Peak life expectancy?

Life expectancy has peaked in some US States according to recent research. This follows research published in 2005 that suggests current living children may not outlive their parents, and that peak life expectancy in the US may be reached between 2030 and 2040. Mostly, this is attributed to the massive spike in childhood obesity which typically results in lifelong obesity and associated health problems.

In coming decades, as obese children carry their elevated risks of death and disease into older age, average life spans could fall by two to five years.

The map below shows areas of the US where life expectancy fell between 1987 and 2007 (in red). At first glance it seems that rural areas are overrepresented in falling life expectancy. There is usually is typically a strong inverse correlation between obesity and income, which would appear consistent, but also one could guess that more automation of rural jobs, and greater propensity of sedentary recreation activities (the internet etc), may be a contributing factor.

Since then more evidence of decreasing life expectancy is dripping into the debate, especially in the US. One recent study suggests that based on data from 2008, the latest available, life expectancy in the U.S. fell 36.5 days from 2007 to 77.8 years.

But the overall picture still looks very good. The below graph compares the growth in life expectancy in a selection of countries.

In Australia, life expectancy continues to grow, but there appears to be no similar geographical disaggregation studies showing the divergence between urban and rural life expectancy. The data below shows that men have gained 3.1 year of life expectancy at birth in the past decade, while women have gained 2.1 years

For me, the surprising thing in these data tables is that our life expectancy at birth is rising mostly due to the prevention of death earlier in life, not the extension of old age. If you make it to 85, you have only gained six months of extra life expectancy over the decade – around a quarter of what you gained at birth (one fifth for men).

The other trend of note is that men are catching up to women in the life expectancy at birth. Again, this concurs with the observation that early preventable deaths are being reduced, as risk taking behaviour is disproportionally male.

A couple of questions spring to mind. First, will the rising trend in life expectance continue in the rest of the world?  And is it possible that people compensating for improved medical care by being less vigilant about their health or taking more health risks?

When I watch extreme sports I often think that it could be a sign that we as a society have made life so risk-free that people need to compensate by pushing themselves near the limit. I would classify this type of risk as low probability but high impact.  Usually, we tightly regulate these types of risks, with seatbelts, helmets, fire alarms and other safety guidelines.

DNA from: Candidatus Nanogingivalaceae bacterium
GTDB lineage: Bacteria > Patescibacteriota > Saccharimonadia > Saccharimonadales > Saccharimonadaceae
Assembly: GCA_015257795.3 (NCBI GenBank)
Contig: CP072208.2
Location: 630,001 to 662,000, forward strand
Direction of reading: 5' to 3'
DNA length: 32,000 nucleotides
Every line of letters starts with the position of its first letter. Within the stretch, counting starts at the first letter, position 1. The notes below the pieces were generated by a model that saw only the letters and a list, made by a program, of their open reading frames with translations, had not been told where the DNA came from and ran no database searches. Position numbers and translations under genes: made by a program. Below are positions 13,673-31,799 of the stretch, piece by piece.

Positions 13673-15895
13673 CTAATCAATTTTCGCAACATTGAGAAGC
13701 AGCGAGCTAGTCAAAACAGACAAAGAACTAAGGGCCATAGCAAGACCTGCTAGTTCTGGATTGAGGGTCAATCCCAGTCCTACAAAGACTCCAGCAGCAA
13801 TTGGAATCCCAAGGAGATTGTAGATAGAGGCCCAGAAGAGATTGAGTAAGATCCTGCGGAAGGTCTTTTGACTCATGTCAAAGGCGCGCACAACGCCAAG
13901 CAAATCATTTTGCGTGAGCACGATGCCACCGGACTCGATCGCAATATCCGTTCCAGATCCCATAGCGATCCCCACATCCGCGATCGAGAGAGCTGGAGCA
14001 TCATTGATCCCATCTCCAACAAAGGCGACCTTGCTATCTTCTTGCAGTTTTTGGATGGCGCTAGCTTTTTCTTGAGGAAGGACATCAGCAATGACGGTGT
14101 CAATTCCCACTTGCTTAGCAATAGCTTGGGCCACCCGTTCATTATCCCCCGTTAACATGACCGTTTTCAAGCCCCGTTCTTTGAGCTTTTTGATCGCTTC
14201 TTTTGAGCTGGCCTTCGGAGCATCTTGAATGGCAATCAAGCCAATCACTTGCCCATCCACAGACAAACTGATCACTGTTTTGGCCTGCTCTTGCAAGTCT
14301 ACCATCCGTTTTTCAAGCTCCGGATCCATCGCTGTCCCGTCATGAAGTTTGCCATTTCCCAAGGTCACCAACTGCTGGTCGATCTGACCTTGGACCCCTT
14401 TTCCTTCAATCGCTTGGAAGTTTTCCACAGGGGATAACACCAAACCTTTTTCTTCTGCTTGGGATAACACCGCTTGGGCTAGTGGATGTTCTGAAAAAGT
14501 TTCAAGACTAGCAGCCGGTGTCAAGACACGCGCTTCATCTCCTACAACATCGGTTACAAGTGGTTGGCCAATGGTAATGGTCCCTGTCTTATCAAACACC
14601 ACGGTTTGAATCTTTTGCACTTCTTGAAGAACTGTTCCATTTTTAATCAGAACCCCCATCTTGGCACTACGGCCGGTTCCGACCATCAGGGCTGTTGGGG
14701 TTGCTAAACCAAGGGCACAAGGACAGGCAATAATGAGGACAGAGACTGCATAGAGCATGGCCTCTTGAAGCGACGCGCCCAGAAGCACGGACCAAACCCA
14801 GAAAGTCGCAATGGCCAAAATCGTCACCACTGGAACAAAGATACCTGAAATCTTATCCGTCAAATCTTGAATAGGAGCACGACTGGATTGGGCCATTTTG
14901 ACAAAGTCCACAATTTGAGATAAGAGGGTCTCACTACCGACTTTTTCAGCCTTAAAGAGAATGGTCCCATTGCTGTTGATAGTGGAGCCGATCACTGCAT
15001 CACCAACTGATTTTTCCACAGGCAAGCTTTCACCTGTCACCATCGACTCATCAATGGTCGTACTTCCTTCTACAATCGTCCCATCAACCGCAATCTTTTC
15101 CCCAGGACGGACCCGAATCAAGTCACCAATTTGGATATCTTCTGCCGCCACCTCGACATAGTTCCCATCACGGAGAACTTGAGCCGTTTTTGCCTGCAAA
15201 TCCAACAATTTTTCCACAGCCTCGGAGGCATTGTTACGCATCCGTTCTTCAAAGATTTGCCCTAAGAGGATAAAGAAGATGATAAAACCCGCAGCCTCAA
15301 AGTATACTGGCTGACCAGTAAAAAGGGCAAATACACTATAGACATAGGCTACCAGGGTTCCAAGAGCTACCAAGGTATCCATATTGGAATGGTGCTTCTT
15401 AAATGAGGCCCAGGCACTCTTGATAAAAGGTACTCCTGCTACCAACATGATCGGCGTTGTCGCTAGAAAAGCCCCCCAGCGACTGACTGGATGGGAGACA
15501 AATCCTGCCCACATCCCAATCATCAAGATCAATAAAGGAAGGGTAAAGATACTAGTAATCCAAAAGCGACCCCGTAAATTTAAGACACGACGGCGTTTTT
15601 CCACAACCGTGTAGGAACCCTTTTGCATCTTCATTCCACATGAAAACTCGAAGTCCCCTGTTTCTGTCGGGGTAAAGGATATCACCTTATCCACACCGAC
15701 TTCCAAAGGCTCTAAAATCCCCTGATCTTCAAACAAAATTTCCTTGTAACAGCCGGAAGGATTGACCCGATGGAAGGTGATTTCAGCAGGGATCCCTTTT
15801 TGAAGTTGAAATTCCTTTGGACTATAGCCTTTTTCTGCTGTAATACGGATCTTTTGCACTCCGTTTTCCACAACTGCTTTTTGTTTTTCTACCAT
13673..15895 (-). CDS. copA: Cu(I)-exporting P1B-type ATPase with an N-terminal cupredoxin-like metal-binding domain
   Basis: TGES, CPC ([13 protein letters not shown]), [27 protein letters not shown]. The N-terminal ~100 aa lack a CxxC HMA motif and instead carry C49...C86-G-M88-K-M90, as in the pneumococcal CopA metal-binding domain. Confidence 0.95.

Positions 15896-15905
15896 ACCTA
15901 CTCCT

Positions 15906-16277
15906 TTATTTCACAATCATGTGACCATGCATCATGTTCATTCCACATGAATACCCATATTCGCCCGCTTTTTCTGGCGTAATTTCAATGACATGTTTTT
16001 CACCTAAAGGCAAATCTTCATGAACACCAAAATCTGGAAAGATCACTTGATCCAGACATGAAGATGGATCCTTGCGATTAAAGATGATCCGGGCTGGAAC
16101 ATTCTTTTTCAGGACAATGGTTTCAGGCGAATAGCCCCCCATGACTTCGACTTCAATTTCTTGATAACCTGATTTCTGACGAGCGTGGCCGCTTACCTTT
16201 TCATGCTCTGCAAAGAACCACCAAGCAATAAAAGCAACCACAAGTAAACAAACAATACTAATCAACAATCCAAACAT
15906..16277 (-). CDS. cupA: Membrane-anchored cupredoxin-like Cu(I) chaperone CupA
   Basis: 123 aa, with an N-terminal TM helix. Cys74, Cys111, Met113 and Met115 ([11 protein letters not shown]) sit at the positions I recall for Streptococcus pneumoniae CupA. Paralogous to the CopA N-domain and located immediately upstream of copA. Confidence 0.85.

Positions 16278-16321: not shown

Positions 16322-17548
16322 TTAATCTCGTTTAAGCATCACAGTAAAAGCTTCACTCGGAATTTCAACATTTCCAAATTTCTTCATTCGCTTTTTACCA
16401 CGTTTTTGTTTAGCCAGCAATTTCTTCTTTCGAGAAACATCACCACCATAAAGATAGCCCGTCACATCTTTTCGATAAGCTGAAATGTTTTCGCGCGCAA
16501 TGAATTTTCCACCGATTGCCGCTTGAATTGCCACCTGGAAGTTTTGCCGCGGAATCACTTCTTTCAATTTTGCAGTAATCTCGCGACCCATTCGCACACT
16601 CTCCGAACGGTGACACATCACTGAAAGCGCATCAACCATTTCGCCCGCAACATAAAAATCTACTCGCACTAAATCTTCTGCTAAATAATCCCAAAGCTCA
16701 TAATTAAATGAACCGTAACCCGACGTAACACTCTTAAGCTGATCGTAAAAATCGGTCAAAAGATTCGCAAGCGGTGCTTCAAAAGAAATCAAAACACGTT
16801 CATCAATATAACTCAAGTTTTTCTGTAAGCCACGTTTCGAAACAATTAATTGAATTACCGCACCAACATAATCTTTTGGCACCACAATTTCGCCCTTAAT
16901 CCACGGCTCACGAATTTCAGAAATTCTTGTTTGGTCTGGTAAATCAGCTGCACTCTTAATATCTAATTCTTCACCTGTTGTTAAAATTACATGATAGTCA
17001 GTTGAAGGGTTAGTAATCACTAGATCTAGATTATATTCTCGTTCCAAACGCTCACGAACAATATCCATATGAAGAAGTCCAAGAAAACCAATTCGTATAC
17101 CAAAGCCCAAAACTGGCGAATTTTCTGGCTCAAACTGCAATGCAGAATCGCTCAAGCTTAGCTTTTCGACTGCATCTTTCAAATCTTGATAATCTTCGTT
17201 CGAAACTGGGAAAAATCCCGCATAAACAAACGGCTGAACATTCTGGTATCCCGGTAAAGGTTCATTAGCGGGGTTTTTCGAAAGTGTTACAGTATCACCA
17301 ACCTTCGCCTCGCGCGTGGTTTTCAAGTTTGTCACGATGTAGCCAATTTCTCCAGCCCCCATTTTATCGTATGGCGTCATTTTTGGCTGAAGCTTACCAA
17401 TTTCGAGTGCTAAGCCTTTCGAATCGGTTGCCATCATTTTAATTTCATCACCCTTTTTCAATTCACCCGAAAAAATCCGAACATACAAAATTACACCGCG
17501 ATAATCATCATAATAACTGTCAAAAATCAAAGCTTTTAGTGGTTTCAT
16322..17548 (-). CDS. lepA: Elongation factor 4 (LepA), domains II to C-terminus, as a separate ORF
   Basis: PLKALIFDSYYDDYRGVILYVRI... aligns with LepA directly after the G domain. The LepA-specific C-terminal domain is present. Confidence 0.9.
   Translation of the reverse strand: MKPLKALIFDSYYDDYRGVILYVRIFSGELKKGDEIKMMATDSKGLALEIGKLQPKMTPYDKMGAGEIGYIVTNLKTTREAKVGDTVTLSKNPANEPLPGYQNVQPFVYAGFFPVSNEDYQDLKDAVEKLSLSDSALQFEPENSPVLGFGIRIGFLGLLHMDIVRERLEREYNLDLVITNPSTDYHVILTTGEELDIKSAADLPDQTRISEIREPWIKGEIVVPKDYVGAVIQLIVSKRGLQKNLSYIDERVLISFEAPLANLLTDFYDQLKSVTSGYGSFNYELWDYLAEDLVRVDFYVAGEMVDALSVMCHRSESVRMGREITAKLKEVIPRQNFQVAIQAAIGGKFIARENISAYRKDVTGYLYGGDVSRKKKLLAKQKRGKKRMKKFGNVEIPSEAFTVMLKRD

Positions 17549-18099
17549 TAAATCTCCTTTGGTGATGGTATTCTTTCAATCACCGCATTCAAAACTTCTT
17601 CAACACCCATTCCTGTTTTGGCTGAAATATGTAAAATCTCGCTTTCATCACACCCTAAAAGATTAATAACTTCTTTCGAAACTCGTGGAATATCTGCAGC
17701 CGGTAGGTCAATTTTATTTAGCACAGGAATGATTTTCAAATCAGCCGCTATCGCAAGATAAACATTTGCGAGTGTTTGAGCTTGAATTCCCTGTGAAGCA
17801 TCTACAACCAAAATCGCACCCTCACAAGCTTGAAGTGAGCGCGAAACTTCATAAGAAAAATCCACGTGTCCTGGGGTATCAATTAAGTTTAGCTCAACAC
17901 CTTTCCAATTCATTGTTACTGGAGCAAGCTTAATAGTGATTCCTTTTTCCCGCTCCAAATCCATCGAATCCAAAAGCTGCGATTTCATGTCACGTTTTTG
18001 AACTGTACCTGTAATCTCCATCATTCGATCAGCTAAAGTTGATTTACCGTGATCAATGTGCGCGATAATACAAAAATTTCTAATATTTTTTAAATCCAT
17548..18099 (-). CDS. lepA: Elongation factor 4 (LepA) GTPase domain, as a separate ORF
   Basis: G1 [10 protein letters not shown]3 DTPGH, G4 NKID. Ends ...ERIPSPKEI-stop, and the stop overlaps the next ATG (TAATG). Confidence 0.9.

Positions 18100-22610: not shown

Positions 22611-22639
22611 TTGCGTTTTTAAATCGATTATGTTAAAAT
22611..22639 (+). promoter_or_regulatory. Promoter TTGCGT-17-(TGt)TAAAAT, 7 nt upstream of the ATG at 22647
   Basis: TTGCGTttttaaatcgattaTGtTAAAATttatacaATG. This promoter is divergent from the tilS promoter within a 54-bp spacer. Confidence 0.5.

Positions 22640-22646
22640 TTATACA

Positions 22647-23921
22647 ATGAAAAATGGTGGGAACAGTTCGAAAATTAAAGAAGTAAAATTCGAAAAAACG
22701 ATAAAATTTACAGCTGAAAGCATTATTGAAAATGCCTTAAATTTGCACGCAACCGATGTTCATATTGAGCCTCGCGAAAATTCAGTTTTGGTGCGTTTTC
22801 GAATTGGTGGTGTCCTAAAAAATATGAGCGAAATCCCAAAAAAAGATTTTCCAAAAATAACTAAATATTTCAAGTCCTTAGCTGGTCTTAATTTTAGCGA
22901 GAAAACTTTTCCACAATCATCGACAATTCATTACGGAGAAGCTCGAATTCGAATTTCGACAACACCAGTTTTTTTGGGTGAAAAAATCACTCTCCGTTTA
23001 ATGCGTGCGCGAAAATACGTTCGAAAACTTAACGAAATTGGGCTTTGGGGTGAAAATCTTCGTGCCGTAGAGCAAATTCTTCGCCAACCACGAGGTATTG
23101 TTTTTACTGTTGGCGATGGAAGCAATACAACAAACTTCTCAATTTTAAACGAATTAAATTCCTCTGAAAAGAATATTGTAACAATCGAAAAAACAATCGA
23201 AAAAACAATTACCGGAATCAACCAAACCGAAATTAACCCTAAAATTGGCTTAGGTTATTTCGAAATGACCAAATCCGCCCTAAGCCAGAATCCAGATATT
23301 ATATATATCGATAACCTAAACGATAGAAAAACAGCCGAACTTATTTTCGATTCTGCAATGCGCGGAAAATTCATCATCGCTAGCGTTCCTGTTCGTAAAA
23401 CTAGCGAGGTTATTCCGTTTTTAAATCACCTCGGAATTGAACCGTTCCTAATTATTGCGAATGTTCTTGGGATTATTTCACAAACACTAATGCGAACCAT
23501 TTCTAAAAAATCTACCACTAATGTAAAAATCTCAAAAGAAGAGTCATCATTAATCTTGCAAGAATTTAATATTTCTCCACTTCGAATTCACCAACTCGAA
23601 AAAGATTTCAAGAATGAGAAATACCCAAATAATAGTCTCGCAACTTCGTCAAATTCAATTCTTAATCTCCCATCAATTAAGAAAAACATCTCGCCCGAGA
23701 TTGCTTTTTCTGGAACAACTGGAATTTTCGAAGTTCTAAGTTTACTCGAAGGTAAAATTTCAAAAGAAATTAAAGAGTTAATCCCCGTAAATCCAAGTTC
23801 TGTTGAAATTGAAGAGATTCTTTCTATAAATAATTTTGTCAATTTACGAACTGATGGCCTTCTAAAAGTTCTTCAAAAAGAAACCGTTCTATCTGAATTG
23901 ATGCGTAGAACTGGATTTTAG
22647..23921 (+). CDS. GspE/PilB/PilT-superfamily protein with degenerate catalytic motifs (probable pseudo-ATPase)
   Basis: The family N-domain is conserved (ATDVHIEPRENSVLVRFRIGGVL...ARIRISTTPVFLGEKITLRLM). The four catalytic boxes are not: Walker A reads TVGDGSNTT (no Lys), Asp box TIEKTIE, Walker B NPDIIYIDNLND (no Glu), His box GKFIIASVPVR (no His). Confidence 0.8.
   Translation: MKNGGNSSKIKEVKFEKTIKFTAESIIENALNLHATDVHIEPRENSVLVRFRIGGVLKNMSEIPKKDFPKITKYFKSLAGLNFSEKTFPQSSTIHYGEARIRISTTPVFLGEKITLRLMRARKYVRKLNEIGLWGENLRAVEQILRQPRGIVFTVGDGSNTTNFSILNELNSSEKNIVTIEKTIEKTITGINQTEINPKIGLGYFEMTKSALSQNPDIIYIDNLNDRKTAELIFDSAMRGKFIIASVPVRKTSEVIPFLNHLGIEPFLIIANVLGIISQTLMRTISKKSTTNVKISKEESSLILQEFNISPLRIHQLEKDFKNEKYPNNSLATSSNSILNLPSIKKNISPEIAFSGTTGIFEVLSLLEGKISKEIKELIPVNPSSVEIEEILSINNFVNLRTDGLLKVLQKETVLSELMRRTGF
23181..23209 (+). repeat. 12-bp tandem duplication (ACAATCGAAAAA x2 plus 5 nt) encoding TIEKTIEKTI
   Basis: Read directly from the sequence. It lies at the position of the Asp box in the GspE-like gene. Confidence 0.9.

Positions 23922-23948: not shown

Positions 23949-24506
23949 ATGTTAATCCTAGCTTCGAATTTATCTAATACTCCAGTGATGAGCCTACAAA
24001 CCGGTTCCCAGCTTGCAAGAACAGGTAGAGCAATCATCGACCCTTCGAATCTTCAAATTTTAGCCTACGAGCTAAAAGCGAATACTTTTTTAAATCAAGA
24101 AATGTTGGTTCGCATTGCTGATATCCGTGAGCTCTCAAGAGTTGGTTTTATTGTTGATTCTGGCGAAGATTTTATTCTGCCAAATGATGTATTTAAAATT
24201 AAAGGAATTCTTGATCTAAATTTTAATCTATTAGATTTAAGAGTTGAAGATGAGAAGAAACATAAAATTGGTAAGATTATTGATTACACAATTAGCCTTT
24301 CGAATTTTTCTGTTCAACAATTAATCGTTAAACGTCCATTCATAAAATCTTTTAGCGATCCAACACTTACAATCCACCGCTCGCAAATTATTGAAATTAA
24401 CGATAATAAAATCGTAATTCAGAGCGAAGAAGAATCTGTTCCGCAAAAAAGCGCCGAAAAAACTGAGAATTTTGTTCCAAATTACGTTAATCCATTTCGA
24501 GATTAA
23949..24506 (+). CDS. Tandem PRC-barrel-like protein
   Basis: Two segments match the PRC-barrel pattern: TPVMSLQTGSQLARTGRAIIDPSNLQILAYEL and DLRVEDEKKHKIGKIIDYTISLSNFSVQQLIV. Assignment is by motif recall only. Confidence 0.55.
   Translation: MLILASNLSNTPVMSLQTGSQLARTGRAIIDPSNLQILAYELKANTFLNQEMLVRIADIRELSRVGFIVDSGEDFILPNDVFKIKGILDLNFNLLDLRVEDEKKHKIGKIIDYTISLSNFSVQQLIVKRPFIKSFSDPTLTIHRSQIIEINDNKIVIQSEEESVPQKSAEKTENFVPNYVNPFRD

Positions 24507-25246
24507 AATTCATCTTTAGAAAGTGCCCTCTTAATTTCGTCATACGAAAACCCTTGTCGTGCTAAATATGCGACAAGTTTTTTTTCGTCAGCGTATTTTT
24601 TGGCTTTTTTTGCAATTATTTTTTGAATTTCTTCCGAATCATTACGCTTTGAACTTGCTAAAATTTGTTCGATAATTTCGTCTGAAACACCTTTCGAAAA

My suspicion is we have removed many high impact low probability risks only to compensated this loss of risk by taking on another type of risk with high probability, but low, or distant, impacts (in addition to the extreme sports variety of compensation).

Poor diet, bad exercise habits, and exempts of this second type of risk.  Smoking laws in Australia are probably the stand out example of regulation in this area, but even with all the well intentioned rules, they are the easiest risks to substitute for others. For example, a former smoker might find that chomping down a bit of chocolate is a good substitute for their addictive habit.

As a general trend we might be avoiding high impact risks by unknowingly substituting for low impact risks. Parents need to be especially aware of this. For example, cycling appears to be dangerous because of the need to wear helmets, so parent might be less inclined to encourage cycling. The same goes with sports where there is a perception of high risk, such as rugby or Aussie rules football. Even the most basic of actions such as walking to school is often seen through the high risk lens (due to the low probability of abduction) and a generation used to being dropped at the gate may be less likely to walk later in life, which is a risk itself.

I have no definitive answer to either question. My gut feeling is that medical breakthroughs will stay one step ahead of any compensatory behaviour, and that life expectancy will creep up ever so slowly. I also feel that life expectancies between countries will continue to converge. But I will be on the lookout for more evidence of a peak in life expectancy elsewhere, and should we see this case arising more frequently, I believe that the theory of compensatory behaviour will need serious investigation.